“The big thing is fall tillage to incorporate residue,” Mumm says. “This reduces the amount of inoculum. You want to do tillage early in the fall, so there is a lot of time for that residue to break down. Tillage later in the fall or spring won’t give you the benefit.” Rotating to soybeans will also knock down BSR, but it can infect sorghum.

3. Stewart’s wilt. “This is another bacterium we only see once in a while,” Mumm says. “It is vectored by the corn flea beetle in which the bacterium overwinters. Environment can impact survivability of the beetle.” The rule of thumb for beetle survivability is if the average temperatures of December, January and February total 95 if added together for the three months, the chances are high that the beetles will carry over from year to year.

“The two different stages include systemic wilt soon after emergence, due to emerging beetles feeding on emerging young plants, and then leaf blight in the form of pale green to yellow linear lesions after tasseling,” Mumm adds.

Management practices include seed treatments with insecticides that can slow down flea beetle vectoring. Because it is vectored by the beetle that overwinters, culturally, there isn’t much producers can do to slow it down.

4. Bacterial leaf streak. Originating in South Africa on bananas and other crops, BLS strikes field corn, sweet corn, popcorn and seed corn, says Brian Banks, southeast Nebraska field agronomist for Golden Harvest. It was first documented in the U.S. in 2014 and has spread rapidly since, hitting Nebraska and at least nine other states, ranging from Colorado in the west, south to Texas, north to Minnesota and Wisconsin, and as far east as Illinois.

“It continues to spread east and is moving pretty quickly,” Banks says. “It overwinters in crop residue and in the soil surface, and the inoculant base grows well in hot summers and infects faster and easier. The inoculant builds in colder, drier climates, but infects into humid climates. It has progressed into South America already.”

The symptoms of BLS are lesions on the corn leaves that can be brown, tan or yellow, ranging from small flecks to large lesions. “The lesions are different, depending on how long and where the infection has taken place,” Banks explains. “Exudates are jagged or wavy, with a yellow hue. Typically, they move from the bottom to the top of the canopy, and they tend to ooze. The lesions are ‘back-lit’ when held to the light, with a yellow ‘halo’ around the lesion when held up to the sun.”

Banks says that BLS looks similar to gray leaf spot, which is fungal, but with GLS, the lesions are blocky with straight edges.

BLS is spread by wind events blowing soil and crop residue. Early-season rain events and irrigation treatments move the bacteria onto emerging plants. After this primary inoculation, it starts to progress inside the plant and create lesions. In the late season, there is a secondary inoculation.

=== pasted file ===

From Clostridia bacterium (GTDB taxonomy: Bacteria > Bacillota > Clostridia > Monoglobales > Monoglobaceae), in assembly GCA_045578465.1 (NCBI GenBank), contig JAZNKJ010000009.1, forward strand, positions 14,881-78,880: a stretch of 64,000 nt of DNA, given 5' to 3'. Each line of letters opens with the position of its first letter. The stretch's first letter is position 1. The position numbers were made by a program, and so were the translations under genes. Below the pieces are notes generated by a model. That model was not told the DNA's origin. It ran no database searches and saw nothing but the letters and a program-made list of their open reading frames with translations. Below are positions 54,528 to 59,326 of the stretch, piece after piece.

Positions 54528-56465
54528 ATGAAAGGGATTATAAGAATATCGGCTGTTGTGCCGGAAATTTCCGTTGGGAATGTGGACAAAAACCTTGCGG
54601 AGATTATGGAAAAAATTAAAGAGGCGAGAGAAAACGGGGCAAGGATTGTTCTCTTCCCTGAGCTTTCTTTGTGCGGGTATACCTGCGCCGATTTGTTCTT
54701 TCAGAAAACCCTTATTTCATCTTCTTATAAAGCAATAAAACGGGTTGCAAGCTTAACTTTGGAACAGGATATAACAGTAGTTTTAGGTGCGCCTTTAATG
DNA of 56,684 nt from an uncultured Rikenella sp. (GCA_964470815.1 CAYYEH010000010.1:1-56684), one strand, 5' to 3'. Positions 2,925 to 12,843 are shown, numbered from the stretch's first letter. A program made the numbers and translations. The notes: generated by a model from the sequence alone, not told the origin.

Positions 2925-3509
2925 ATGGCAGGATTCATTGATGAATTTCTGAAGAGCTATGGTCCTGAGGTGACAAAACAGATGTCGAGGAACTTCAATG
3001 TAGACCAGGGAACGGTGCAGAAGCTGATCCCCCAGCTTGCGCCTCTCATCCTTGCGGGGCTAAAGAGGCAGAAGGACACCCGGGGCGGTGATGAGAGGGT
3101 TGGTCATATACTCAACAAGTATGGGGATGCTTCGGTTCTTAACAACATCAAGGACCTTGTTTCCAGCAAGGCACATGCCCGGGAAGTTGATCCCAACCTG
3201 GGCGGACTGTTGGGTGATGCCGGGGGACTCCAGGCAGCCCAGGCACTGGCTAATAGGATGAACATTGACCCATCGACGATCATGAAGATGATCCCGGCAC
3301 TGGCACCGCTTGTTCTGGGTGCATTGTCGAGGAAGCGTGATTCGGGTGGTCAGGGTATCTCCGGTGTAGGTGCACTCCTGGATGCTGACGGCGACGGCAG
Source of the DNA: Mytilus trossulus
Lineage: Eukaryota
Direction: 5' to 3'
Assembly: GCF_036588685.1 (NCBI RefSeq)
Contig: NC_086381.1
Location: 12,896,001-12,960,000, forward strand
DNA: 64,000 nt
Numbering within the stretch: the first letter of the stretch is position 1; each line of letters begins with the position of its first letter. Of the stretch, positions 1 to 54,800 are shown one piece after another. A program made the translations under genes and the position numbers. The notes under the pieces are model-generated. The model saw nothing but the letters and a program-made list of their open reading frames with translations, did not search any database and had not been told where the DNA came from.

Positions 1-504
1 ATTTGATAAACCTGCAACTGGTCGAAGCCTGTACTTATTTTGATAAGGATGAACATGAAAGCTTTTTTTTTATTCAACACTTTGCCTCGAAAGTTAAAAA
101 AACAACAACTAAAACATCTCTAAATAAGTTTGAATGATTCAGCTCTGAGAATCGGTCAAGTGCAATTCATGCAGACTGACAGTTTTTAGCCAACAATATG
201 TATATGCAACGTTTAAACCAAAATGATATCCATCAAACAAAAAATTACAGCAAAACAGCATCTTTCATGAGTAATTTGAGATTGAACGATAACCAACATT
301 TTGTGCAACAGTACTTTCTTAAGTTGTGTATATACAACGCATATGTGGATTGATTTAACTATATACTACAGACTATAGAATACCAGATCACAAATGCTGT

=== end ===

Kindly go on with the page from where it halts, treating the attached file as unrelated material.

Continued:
“Wind events that damage leaf surfaces allow the bacteria to get inside the plant easier,” Banks says. Fungicides don’t work, and bactericides are ineffective to control BLS.

“The big management practice is crop rotation and letting the residue break down over time,” Banks says. “Think about how we are moving implements field to field, and be sure to make sanitation of equipment important, so we don’t move residue from a field where we know we have BLS.”

Tillage will help, along with hybrid selection. “Weed control is important in controlling BLS because there are other host crops and weeds like oats, as well as shattercane and foxtail, for instance,” Banks adds. “In a soybean rotation, keep volunteer corn controlled so you don’t create a bridge where it can spread into the next corn crop.”

Having overall healthy crops, with proper fertility, will also help the plants protect themselves from BLS.

About the Author(s)

Curt Arens

Editor, Nebraska Farmer

Curt Arens began writing about Nebraska’s farm families when he was in high school. Before joining Farm Progress as a field editor in April 2010, he had worked as a freelance farm writer for 27 years, first for newspapers and then for farm magazines, including Nebraska Farmer.

His real full-time career, however, during that same period was farming his family’s fourth generation land in northeast Nebraska. He also operated his Christmas tree farm and grew black oil sunflowers for wild birdseed. Curt continues to raise corn, soybeans and alfalfa and runs a cow-calf herd.

Curt and his wife Donna have four children, Lauren, Taylor, Zachary and Benjamin. They are active in their church and St. Rose School in Crofton, where Donna teaches and their children attend classes.

Previously, the 1986 University of Nebraska animal science graduate wrote a weekly rural life column, developed a farm radio program and wrote books about farm direct marketing and farmers markets. He received media honors from the Nebraska Forest Service, Center for Rural Affairs and Northeast Nebraska Experimental Farm Association.

He wrote about the spiritual side of farming in his 2008 book, “Down to Earth: Celebrating a Blessed Life on the Land,” garnering a Catholic Press Association award.